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Directory of Mark Twain's maxims, quotations, and various opinions:

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STEAMBOAT RACING

I think that much the most enjoyable of all races is a steamboat race; but, next to that, I prefer the gay and joyous mule-rush. Two red--hot steamboats raging along, neck-and-neck, straining every nerve--that is to say, every rivet in the boilers--quaking and shaking and groaning from stem to stern, spouting white steam from the pipes, pouring black smoke from the chimneys, raining down sparks, parting the river into long breaks of hissing foam--this is sport that makes a body's very liver curl with enjoyment. A horse-race is pretty tame and colorless in comparison. Still, a horse-race might be well enough, in its way, perhaps, if it were not for the tiresome false starts. But then, nobody is ever killed. At least, nobody was ever killed when I was at a horse-race. They have been crippled, it is true; but this is little to the purpose.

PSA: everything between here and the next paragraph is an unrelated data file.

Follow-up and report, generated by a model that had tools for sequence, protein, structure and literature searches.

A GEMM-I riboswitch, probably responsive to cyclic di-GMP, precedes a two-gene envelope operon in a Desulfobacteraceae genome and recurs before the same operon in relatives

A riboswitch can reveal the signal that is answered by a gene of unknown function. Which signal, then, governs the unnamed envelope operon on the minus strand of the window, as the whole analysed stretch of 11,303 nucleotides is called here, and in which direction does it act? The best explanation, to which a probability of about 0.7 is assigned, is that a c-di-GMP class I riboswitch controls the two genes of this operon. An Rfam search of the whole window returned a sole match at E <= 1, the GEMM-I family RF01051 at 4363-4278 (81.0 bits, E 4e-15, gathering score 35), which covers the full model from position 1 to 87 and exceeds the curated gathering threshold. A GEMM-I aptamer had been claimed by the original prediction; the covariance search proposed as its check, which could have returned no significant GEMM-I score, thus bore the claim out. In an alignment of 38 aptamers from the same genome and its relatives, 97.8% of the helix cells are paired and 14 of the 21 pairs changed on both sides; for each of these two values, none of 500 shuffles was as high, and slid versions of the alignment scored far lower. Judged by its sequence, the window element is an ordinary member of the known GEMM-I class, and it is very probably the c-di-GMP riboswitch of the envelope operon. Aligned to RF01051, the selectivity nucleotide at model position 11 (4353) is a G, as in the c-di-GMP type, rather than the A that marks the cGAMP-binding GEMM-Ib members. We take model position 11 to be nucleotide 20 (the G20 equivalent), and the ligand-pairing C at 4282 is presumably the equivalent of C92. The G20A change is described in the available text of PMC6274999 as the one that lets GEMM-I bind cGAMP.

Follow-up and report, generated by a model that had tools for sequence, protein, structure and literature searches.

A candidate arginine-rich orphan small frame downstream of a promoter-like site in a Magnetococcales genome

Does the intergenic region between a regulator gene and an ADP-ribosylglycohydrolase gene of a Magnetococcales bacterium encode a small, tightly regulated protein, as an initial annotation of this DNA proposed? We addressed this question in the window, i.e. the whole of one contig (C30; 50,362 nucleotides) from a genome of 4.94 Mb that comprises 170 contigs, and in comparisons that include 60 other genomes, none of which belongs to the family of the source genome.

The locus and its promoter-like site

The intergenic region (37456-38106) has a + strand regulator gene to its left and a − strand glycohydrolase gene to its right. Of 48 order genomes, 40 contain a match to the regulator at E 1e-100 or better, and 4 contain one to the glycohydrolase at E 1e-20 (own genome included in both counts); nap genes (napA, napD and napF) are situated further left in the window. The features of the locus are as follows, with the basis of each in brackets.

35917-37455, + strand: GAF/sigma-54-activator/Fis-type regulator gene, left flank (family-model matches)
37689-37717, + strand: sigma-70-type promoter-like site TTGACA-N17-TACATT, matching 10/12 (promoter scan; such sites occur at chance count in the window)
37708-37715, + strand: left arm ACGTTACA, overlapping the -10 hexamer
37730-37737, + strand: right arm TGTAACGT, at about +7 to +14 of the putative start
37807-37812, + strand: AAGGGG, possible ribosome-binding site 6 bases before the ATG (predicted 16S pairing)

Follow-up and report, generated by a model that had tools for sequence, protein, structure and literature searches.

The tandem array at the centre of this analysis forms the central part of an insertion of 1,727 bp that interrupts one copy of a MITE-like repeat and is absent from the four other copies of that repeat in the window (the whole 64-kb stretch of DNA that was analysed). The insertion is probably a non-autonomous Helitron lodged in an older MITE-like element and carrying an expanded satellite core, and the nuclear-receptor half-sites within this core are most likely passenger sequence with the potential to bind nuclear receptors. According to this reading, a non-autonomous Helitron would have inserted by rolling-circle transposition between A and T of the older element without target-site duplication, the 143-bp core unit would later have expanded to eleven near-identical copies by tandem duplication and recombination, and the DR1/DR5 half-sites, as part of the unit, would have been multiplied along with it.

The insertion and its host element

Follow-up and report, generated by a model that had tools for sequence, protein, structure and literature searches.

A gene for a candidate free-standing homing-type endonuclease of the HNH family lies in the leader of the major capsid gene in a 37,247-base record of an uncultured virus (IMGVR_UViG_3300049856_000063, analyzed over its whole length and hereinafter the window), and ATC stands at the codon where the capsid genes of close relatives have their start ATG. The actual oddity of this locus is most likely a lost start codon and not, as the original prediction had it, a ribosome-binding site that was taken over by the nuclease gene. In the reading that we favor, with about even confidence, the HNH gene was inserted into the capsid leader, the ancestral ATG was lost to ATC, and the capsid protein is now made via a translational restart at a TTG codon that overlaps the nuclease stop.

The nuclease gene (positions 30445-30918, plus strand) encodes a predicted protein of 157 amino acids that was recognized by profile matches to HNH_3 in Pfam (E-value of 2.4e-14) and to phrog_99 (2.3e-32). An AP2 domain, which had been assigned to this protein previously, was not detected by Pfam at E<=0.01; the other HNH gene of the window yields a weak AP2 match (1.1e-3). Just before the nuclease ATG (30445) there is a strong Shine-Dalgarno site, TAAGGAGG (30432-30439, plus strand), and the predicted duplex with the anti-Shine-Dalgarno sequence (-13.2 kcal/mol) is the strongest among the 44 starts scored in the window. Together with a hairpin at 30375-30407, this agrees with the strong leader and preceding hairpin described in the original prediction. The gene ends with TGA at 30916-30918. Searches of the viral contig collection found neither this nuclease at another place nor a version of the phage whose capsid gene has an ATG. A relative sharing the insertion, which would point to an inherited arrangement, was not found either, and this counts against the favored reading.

- Life on the Mississippi

 

Cornwell painting

Painting of race between Natchez and Robert E. Lee by Dean Cornwell
Photo courtesy of Dave Thomson

The time made by the Rob't E. Lee from New Orleans to St. Louis in 1870, in her famous race with the Natchez, is the best on record . . .the race created a national interest . . . The Lee left New Orleans, Thursday, June 30th, 1870, at 4:55 P.M.. . . and landed at St. Louis at 11.25 A.M., on July 4th, 1870 --6 hours and 36 minutes ahead of the Natchez. The Rob't E. Lee was commanded by Captain John W. Cannon, and the Natchez was in charge of that veteran Southern boatman, Captain Thomas P. Leathers.
- Life on the Mississippi


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